Cash windfall for HIV organisations
2 min read

A significant step has been taken towards virtually eliminating HIV transmission in Australia after the Australian Government made extensive funding promises in their recent budget. But will it be enough?

With a $43.9 million investment, the plan focuses on expanding access to preventative measures, testing, and education, particularly within high-risk communities.

President of Health Equity Matters, formerly the Australian Federation of AIDS Organisations, Mark Orr AM said the budget commitment lights a bright path.


“It leverages the robust and impactful collaboration between community, healthcare professionals, researchers, and government that has been instrumental in Australia’s success since the beginning of the HIV epidemic,” Mr Orr said.

The funding will be directed towards:

  • National rollout of self-testing vending machines: This builds upon existing successful programs, making testing more readily available for individuals who need to test frequently.
  • Pilot program for culturally diverse communities: This initiative aims to better educate these communities on HIV prevention methods and encourage testing.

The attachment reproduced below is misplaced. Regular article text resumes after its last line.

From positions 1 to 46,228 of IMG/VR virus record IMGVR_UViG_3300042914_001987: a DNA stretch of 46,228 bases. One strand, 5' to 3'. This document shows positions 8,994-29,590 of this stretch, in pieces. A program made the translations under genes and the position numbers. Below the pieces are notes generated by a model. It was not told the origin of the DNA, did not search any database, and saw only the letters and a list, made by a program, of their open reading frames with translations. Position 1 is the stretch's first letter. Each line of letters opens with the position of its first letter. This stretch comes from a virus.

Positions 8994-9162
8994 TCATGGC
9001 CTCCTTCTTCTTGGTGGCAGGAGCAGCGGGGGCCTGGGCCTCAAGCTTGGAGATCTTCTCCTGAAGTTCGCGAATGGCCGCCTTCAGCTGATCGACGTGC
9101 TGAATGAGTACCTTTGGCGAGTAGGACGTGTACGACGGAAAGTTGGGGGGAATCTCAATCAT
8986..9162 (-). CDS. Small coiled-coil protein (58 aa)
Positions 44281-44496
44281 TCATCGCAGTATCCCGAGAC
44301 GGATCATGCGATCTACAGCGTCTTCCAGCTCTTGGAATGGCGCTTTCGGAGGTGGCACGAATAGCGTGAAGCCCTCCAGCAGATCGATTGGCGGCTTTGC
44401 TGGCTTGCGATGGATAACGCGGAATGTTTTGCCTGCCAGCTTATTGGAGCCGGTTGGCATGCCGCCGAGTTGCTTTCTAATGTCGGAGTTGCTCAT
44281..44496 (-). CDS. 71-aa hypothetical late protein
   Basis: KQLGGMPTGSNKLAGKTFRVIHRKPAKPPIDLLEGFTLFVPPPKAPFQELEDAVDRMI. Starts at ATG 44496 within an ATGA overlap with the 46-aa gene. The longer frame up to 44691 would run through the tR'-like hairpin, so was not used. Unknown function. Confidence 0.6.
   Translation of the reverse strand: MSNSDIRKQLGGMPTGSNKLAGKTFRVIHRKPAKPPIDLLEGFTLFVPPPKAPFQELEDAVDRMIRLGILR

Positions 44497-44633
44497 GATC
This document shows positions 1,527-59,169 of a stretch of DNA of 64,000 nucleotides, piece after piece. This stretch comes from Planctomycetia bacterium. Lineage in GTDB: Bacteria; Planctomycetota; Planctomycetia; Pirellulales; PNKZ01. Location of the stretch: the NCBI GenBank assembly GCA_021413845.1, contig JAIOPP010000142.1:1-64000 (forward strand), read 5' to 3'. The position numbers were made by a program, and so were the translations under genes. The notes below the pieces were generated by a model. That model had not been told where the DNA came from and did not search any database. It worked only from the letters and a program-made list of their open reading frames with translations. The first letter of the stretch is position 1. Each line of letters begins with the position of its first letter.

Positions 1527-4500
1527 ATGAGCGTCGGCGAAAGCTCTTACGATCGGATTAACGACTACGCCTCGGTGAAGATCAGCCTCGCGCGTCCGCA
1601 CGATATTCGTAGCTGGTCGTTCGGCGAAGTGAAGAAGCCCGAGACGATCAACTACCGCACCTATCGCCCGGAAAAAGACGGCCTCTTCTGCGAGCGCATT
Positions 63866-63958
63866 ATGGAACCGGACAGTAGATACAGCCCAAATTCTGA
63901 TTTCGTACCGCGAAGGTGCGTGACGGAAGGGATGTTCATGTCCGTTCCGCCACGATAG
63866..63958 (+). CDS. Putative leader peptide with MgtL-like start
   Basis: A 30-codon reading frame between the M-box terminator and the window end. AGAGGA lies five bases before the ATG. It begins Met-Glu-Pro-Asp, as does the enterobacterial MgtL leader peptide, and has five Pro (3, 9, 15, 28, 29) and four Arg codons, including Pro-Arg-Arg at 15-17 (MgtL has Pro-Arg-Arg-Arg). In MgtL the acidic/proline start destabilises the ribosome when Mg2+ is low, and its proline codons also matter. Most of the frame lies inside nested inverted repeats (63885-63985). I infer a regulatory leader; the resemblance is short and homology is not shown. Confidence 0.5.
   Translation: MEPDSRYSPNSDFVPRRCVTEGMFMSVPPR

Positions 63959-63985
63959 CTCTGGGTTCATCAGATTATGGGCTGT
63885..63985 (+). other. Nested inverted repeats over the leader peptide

• Continued support for HIV Online Learning Australia: This program plays a vital role in equipping the HIV workforce with the necessary knowledge and resources.
  • Restored funding for key HIV organisations: Health Equity Matters and NAPWHA, Australia’s peak HIV organisations, will regain financial support.

This investment is the first step towards achieving near-zero HIV transmission, aligning with the recommendations of the HIV Taskforce led by Health Minister Mark Butler and Assistant Health Minister Ged Kearney.

“Australia now has the potential to become the first country to achieve virtual elimination of HIV,” declared Mr Orr.

Mark Orr AM
Mark Orr AM

While diagnoses have halved over the past decade, with 555 cases in 2022, the recent Kirby Institute HIV surveillance report highlighted a concerning trend. Increases were observed among heterosexual individuals, Aboriginal and Torres Strait Islander populations, and in specific regions.

“When attempting to overcome an epidemic, the final stretch will be the most challenging,” Health Equity Matters chief executive, Dash Heath-Paynter said.

“This is why the Government’s commitment to ending HIV transmission is so crucial. We must maintain our momentum.”

While the budget acknowledges the ongoing challenge, critics argue the resources allocated are insufficient.

The success of this initiative hinges on continued government commitment and a more comprehensive strategy that addresses the needs of all at-risk communities.

Last Updated on May 16, 2024

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